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Knuckles review – Idris Elba’s Sonic spin-off is ludicrous, hilarious and actually rather moving
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Knuckles review – Idris Elba’s Sonic spin-off is ludicrous, hilarious and actually rather moving

Giving a supporting character their own spin-off is a risky business. For every brilliant series such as Better Call Saul, Frasier or Angel (series one, two, three and five), there’s a grave miscalculation in the form of a Joey, The Book of Boba Fett or Angel (series four). After the runaway success of the Sonic films, which have a third instalment on the way, Paramount+ has selected Knuckles, the steely echidna, for the spin-off treatment – and for all the brazen product placement and IP cash-grabbing, it’s a risk that pays off.

Idris Elba reprises his role from Sonic the Hedgehog 2 , as a hot-tempered and self-serious red echidna warrior from space who, as we are frequently reminded, is the last of his kind after an owl-led genocide took his home planet. Having been briefly tricked by Doctor Robotnik (a thankfully absent scenery-chewing Jim Carrey) to fight for the bad guys in the previous film, he has now teamed up with Sonic and Tails and moved in with the Wachowskis (Tika Sumpter and a puzzlingly absent James Marsden). This set-up is not going especially well as the series begins, due to Knuckles’s tendency to start the day by punching boulders and attempting to train the “wolf” (actually a docile labrador) to be a fierce warrior. With all the smashed walls and echinadian fighting rituals, Knuckles finds himself grounded. But he soon defies the punishment to hit the road with Wade Whipple (Adam Pally), a hapless but sweet-natured deputy sheriff, to help him become a bowling champion. Naturally, as this is a Sonic spin-off there’s also some fighting to be done and Knuckles and Wade find themselves pursued by two former G.U.N agents played by Kid Cudi and British comedian Ellie Taylor.

The agents’ shenanigans are well performed by Taylor, despite a truly befuddling wig choice, and rapper Cudi shows off some impressive comic timing, but there’s little else to recommend their subplot. It’s not entirely clear what their motives are beyond generic evil-doing, and the action sequences are just as uninspiring as the cacophony of CGI nonsense that happens in the third act of the Sonic films. Wisely, the series devotes most of its time to the charming odd-couple dynamic between Pally and Elba. It’s a strange thing to say that the pair have wonderful chemistry given that Elba isn’t, y’know, actually there, but the two actors somehow bring the best out of each other’s performances, and Knuckles ends up being frequently hilarious and occasionally rather moving.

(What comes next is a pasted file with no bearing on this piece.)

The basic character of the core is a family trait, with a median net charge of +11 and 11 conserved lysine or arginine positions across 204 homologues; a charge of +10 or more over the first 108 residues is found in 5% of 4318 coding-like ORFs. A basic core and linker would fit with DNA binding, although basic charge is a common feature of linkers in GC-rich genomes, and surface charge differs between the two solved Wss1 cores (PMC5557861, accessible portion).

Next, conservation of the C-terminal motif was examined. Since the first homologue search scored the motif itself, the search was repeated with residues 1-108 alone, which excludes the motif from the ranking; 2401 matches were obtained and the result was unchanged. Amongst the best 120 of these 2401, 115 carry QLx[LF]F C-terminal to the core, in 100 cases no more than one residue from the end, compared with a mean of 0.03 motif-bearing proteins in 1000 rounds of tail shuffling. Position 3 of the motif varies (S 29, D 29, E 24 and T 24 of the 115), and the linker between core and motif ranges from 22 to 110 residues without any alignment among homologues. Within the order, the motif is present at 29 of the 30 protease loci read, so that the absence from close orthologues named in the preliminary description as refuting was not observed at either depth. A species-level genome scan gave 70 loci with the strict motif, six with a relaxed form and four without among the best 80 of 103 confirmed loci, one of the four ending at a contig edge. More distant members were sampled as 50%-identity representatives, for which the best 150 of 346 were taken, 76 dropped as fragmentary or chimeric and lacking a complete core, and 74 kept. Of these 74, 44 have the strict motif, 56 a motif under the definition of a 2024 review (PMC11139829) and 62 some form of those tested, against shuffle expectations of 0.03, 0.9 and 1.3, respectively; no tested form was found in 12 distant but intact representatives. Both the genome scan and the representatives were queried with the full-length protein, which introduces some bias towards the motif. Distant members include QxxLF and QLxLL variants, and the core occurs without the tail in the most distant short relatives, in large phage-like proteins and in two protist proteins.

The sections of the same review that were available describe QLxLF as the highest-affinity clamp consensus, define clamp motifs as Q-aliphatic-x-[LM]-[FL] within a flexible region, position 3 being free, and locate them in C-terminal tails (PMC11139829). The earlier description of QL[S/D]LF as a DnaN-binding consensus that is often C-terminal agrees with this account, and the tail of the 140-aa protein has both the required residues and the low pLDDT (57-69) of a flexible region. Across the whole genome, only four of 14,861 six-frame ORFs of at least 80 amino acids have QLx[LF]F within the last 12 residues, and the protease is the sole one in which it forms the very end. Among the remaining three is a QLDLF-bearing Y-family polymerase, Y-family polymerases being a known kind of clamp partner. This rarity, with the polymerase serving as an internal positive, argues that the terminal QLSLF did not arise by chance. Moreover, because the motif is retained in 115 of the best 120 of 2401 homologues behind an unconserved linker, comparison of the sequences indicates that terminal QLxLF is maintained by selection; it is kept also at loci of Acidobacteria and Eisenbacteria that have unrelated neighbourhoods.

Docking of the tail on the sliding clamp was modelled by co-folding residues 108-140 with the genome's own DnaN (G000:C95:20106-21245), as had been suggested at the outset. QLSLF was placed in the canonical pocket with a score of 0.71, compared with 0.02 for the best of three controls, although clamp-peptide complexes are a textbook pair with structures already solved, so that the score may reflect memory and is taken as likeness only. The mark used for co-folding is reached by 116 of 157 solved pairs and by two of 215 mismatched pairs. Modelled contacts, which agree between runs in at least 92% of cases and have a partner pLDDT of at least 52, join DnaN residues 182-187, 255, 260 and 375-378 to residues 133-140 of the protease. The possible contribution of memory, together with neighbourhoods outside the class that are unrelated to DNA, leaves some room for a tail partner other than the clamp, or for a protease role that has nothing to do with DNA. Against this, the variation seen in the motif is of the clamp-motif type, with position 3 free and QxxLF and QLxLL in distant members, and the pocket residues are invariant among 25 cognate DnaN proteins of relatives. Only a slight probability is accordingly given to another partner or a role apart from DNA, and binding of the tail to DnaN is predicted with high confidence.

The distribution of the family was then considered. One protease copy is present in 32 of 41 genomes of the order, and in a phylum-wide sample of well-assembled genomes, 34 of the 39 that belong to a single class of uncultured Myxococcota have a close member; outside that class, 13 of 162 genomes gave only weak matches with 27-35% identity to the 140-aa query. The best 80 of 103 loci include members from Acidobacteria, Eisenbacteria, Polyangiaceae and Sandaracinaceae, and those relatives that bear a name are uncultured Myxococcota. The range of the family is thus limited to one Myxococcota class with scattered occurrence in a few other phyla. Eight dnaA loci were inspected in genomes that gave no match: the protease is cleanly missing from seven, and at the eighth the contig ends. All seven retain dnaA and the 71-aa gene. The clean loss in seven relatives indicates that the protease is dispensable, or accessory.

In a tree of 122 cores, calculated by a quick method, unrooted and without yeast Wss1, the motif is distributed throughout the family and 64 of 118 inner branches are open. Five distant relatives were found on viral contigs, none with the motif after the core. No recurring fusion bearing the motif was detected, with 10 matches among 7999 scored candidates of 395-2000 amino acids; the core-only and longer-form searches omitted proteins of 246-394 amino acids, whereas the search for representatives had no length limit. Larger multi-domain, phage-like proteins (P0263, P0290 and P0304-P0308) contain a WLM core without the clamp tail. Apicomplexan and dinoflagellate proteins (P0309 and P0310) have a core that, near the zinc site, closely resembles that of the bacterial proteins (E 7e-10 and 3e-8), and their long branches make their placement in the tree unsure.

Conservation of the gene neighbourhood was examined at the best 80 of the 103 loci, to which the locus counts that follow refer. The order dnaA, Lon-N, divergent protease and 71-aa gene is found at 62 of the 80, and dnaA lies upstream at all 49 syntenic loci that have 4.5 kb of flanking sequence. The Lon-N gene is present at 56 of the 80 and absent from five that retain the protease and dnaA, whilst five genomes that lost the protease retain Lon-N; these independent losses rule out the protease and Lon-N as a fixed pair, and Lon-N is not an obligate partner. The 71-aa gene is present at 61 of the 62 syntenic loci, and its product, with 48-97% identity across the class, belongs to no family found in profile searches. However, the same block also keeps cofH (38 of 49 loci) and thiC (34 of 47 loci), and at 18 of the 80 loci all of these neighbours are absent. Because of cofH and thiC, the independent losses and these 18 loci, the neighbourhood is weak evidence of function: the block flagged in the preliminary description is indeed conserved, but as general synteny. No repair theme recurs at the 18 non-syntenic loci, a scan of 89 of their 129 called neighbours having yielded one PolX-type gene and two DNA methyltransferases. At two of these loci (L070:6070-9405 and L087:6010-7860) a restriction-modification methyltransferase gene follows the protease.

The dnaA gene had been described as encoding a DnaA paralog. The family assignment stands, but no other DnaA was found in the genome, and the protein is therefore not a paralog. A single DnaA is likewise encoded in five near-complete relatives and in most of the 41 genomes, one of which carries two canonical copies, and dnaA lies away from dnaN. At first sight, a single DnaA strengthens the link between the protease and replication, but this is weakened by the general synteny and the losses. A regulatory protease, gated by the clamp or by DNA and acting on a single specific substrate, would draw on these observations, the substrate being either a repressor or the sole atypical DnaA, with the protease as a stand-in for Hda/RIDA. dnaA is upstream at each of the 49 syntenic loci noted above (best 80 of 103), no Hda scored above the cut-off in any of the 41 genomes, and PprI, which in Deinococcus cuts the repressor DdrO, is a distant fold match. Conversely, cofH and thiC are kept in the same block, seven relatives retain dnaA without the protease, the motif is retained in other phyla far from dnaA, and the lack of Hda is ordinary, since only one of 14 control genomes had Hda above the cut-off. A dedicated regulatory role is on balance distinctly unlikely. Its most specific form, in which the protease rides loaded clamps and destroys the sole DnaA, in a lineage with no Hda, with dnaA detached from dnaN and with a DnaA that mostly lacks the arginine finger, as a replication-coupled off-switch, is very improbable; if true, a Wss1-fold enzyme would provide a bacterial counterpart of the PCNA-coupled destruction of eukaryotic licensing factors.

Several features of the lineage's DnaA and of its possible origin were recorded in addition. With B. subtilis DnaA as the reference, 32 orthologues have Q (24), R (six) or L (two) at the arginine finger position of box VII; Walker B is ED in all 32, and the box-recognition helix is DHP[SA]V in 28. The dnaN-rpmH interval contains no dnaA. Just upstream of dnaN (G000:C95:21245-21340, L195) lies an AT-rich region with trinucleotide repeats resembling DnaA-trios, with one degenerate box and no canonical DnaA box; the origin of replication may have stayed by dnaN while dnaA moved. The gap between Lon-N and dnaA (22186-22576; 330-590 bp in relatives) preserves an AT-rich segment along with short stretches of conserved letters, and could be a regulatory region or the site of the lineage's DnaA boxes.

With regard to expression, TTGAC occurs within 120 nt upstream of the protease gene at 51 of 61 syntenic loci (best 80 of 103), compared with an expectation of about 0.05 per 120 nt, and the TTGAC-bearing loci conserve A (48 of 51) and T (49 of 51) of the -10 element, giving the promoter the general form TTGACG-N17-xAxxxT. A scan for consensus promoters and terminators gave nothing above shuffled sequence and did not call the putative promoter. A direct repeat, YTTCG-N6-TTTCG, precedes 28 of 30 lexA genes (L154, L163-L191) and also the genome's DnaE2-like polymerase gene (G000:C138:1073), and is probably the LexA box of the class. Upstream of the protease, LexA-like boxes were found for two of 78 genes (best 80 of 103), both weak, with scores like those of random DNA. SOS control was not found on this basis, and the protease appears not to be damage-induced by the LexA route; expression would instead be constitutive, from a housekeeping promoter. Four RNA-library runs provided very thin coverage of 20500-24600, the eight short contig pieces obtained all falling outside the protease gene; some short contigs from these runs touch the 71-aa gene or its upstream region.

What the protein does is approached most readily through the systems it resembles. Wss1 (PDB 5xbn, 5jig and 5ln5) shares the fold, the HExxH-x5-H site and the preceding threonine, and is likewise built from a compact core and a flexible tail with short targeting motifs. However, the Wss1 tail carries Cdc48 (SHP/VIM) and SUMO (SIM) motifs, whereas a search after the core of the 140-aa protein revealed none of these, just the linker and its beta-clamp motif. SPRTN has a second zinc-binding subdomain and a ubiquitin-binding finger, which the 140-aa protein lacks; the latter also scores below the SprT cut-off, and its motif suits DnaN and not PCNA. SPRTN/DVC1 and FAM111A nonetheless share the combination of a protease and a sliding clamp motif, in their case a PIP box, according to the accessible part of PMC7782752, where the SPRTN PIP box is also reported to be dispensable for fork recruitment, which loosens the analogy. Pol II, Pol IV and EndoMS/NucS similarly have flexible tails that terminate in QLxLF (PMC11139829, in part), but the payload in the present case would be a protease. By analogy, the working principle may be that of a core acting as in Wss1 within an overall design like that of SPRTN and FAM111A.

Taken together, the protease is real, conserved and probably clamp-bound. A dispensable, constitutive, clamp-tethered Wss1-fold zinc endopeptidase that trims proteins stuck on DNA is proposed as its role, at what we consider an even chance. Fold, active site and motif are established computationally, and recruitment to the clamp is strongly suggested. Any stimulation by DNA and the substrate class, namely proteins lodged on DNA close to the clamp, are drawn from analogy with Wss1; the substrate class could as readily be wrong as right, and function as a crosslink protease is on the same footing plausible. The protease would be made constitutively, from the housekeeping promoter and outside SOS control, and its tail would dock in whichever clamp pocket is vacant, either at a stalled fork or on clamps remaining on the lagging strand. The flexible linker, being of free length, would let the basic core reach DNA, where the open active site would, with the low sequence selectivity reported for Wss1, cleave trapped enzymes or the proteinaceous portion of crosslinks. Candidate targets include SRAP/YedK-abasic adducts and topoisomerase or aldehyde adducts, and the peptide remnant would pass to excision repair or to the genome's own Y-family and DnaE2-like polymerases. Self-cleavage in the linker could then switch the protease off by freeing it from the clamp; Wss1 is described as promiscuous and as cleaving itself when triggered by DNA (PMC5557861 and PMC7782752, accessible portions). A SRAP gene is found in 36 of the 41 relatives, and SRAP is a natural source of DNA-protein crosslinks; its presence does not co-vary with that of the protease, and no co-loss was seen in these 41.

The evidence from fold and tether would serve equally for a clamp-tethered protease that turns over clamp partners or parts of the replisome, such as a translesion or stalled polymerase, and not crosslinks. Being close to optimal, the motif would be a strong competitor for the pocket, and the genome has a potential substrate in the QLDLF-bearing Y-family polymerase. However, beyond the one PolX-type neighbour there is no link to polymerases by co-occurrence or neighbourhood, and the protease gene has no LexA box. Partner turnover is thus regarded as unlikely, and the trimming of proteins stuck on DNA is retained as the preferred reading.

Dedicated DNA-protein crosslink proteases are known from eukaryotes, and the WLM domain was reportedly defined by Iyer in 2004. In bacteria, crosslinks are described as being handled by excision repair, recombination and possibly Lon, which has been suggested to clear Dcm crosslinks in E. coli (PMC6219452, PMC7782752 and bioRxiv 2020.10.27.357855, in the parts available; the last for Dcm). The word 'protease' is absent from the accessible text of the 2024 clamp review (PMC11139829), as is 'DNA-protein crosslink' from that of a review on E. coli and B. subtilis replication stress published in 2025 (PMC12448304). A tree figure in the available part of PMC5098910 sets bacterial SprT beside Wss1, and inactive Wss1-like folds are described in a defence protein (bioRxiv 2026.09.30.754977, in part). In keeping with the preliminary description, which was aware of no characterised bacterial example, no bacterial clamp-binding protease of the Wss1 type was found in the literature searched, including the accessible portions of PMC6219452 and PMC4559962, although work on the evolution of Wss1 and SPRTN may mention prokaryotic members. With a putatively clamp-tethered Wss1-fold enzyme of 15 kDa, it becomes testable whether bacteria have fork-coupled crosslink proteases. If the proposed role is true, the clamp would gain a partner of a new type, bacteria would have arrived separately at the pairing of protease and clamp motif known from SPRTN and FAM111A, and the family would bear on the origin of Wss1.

The stakes are upped when the pair spend the series’ best episode in the home of Wade’s mother, Wendy (an excellent Stockard Channing) and have Shabbat dinner with her and Wade’s hyper-competitive sister Wanda (Edi Patterson). Here, Knuckles learns about Judaism and how the bowling tournament will see Wade face off against his estranged father (a scenery-chewing-but-in-a-good-way Cary Elwes) who abandoned him as a child in a TJ Maxx. If that sounds ridiculous, it’s because it is, and the further the series leans into its silly side, the better it becomes.

The Mighty Boosh’s Julian Barratt appears in a series of costumes, each more ludicrous than the last, culminating in a wonderfully silly owl ensemble, and Channing explains the plot of Pretty Woman before having a fight sequence where her weapon of choice is a frying pan. There are musical numbers involving Wade dressed as an echidna performing Knuckles’ story while Michael Bolton sings, and Knuckles learns that he loves a good challah. Away from the earnest heroics of Sonic, the show runs with the absurdity of its premise and takes advantage of the freedom when adapting a story for a more minor character in this fictional universe.

It’s the B-movie energy of Knuckles that elevates it far above the charmless films that introduced him, and the further he gets from his adopted clan of Sonic, Tails and the Wachowskis the better. For a character who is the last of his kind, you should be rooting for him to return to his newfound family; instead, you end up praying Knuckles never returns. Elba has already been announced as lending his vocal talents to the upcoming Sonic sequel, which has also somehow recruited Keanu Reeves to play Shadow the Hedgehog. But, after that film ends with some inevitable smashing and some heavy-handed metaphor about the importance of friendship, one can only hope that Knuckles returns to the smaller screen, hits the road with Stockard Channing again and embraces being wonderfully weird. Pally and Elba have proven with this show that having “main character energy” isn’t everything.

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Source: theguardian.com